Lake Okeechobee is the largest freshwater body in Florida, but it’s polluted with runoff containing human waste, animal feed and fertilizer – all nutrients that algae thrive on. Source: CBS

Lake Okeechobee is the largest freshwater body in Florida, but it’s polluted with runoff containing human waste, animal feed and fertilizer – all nutrients that algae thrive on. Source: CBS

CBS Miami reports that protesters are demanding answers and action over the toxic mess in Florida — a poisonous algae bloom plaguing four counties now under a state of emergency.

The algae bloom took a toll on the busy holiday weekend — forcing some beaches to be closed to swimmers. Protesters instead of sunbathers filled Florida’s Stuart public beach on Saturday, demanding the toxic mess be cleaned up.

“We’re losing our way of life here,” said protester Allie Preston. Some blame state politicians for allowing polluted water to be released from Lake Okeechobee and into the Saint Lucie Estuary – one of the areas that have been covered in algae.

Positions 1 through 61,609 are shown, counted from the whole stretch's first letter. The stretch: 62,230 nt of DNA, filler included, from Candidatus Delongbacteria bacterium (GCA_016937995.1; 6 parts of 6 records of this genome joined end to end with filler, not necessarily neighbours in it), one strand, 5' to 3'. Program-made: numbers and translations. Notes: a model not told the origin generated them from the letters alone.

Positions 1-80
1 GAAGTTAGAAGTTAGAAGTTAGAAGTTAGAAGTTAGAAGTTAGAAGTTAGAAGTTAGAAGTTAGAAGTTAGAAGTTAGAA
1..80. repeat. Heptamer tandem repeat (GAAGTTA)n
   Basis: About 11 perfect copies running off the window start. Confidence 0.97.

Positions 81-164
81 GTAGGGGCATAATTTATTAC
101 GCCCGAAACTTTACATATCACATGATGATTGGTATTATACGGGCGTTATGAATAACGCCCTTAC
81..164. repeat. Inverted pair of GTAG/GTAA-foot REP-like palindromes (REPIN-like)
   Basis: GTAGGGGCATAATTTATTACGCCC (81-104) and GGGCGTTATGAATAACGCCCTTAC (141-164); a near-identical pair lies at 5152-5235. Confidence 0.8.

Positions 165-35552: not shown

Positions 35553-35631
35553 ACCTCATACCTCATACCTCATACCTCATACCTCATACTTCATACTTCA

Bill Louda, a research professor at Florida Atlantic University, has been helping to collect and test the algae that wreaked havoc along Florida’s Treasure Coast. “If I was in government, I would say we’ve got to stop the pollution,” he said.

Lake Okeechobee is the largest freshwater body in the state, but it’s polluted with runoff containing human waste, animal feed and fertilizer – all nutrients that algae thrive on.

To manage flooding, the U.S. Army Corp of Engineers releases the lake’s water into surrounding rivers and lagoons. “We just are putting way too much nitrogen and phosphorus in our natural waters and they respond,” said Professor Louda.

He said there’s no quick fix to the problem — at least not one without a disastrous domino effect. “If you kill this algae, you’re going to kill the sea grass, the macroalgae, all the good phytoplankton that the fish need, everything else,” he said.

Read More